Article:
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We are still looking for information on “Haas Grotesk”. Does anyone have a complete sample and/or any release notes of this typeface?

Thank you

omit's picture
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Here is the release data of the book 100 Jahre Berthold

Festschrift zum einenhundertj

Gilbert Li's picture
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Hi I’m new here. By chance I was Googling to find information on AG and found this thread (and this great site).

Regarding the different versions and descendants of AG, does anyone know how AG Book and AG Schoolbook fit in to the picture? In particular, AG Schoolbook has quite a few marked differences with other AGs (e.g. lowercase “a”) so it seems there must be an interesting story on the impetus of this AG variant.

This has been on my mind for a while and I even tried contacting Berthold a few times about this and I’ve never got a response.

Thanks to anyone who can provide some background.

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Thank you for the 100 Jahre Berthold book data, Timo.

We keep looking for a complete sample of “Haas Grotesk”, and/or any release data for it.

Thanks

-
Wellcome to the forum, Gilbert

omit's picture
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In the book Wim Crouwel Alphbets there is a quote of Crouwel: “The Swiss had with them big wooden boxes with rubber stamps of Akzidenz grotesk. It was beautiful, in all sizes. Oh, how I envied them!”
Something like this I guess (from another book):

Where these stamps came from? Berthold? Linotype?

PS I just made an AG related post in the identification board.

Xurxo Insua's picture
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Very nice and interesting, Timo, thank you. From which book did you take the illustration?

omit's picture
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The rubberstamp image is from:

Bruckmann's Handbuch der Schrift
Erhardt D. Stiebner, Walter Leonhard unter Mitarbeit von Johannes Determann...[et al.]
München : Bruckmann, 1985

Sorry about the two year delay. The book was from a library.

http://typophile.com/node/17643
Brought me back here. Great info there too.

The Book of Type and Design by O. Hlavsa (1960) has a sample of a grotesk "cast by the Swiss Haas Foundry", but it appears to be Schelter & Giesecke grotesk (like FF Bau). Is there a connection or is it just confusion?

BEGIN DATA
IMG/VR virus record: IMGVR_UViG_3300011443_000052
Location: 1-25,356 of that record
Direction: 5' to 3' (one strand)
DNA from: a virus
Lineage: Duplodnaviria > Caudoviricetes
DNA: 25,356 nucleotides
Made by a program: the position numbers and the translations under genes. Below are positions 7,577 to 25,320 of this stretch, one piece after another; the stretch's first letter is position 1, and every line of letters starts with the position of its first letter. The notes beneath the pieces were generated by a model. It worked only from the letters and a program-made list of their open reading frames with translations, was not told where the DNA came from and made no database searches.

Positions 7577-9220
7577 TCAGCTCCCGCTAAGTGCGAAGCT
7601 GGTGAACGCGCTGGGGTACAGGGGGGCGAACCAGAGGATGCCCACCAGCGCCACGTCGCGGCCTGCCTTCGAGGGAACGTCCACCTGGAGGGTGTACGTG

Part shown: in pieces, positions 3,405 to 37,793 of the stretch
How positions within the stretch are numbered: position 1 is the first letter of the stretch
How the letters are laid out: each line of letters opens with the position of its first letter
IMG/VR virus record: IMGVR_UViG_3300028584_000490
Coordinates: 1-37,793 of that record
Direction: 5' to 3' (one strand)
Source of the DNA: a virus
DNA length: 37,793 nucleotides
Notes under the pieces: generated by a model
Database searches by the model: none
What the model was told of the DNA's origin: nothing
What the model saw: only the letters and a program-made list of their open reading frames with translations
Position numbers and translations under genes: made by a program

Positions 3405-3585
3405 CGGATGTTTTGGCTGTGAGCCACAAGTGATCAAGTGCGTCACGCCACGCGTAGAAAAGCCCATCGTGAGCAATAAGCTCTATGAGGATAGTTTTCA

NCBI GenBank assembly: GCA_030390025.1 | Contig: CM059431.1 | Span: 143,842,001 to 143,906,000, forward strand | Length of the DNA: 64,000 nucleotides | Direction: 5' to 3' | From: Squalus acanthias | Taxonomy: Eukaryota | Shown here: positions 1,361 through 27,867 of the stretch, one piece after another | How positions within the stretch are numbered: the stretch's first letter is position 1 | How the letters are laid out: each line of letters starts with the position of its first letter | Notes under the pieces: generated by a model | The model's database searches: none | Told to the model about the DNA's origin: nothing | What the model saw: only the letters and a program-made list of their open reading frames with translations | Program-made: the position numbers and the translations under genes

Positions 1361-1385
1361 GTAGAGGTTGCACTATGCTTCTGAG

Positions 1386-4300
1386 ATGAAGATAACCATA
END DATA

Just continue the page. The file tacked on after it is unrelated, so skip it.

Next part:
Another interesting related grotesk is Genzsch & Heyse Blockschrift:

Does anyone know the year it first appears? This sample is from a late 1910's specimen book.

Timo

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> about "Haas Grotesk"

Maybe someone can translate the parts you are interested in -

Max Miedinger schuf den Entwurf zur Helvetica mager und halbfett im Jahr 1937. Im Jahre 1957 bei der Haas'schen Schriftgießerei, Münchenstein, Schweiz unter dem Namen Haas-Grotesk mager und Haas-Grotesk halbfett gegossen.
Nach der Übernahme der Haas'schen Schriftgießerei durch die D.Stempel AG, Frankfurt am Main wurde die Schrift dort unter dem Namen Helvetica ins Programm genommen und gleichzeitig im Jahr 1961 um die vielen anderen Schnitte erweitert und zwar parallel in Frankfurt am Main und in Münchenstein, Schweiz.

HERE you can view printed Material and read further informations, search for Helvetica.

Thom

Dan Reynolds's picture
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>Max Miedinger schuf den Entwurf zur Helvetica mager und halbfett im Jahr 1937.

What is your source for that, Thomas? I've seen that quoted on Typografie.info (from Georg).
It isn't true. And I posted that there, too!

Miedinger was commission by Haas to make the base design for Neue Hass Grotesk in the 1950s.

Thomas Binder's picture
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>What is your source for that, Thomas? I’ve seen that quoted on Typografie.info (from Georg).
It isn’t true. And I posted that there, too!

@dan
I've taken this text directly from Georgs Website.
Sorry, i thought Georg would know it...

Should i edit my first posting?

Dan Reynolds's picture
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No, it's OK. All the other information is correct. Somewhere, at the beginning of the chain—probably where Georg got his info in the first place—there is a typo. That's all ;-)

It isn't too serious. Imagine if Helvetica had been drawn in the 1930s. Boy, those Swiss boys would've been onto something.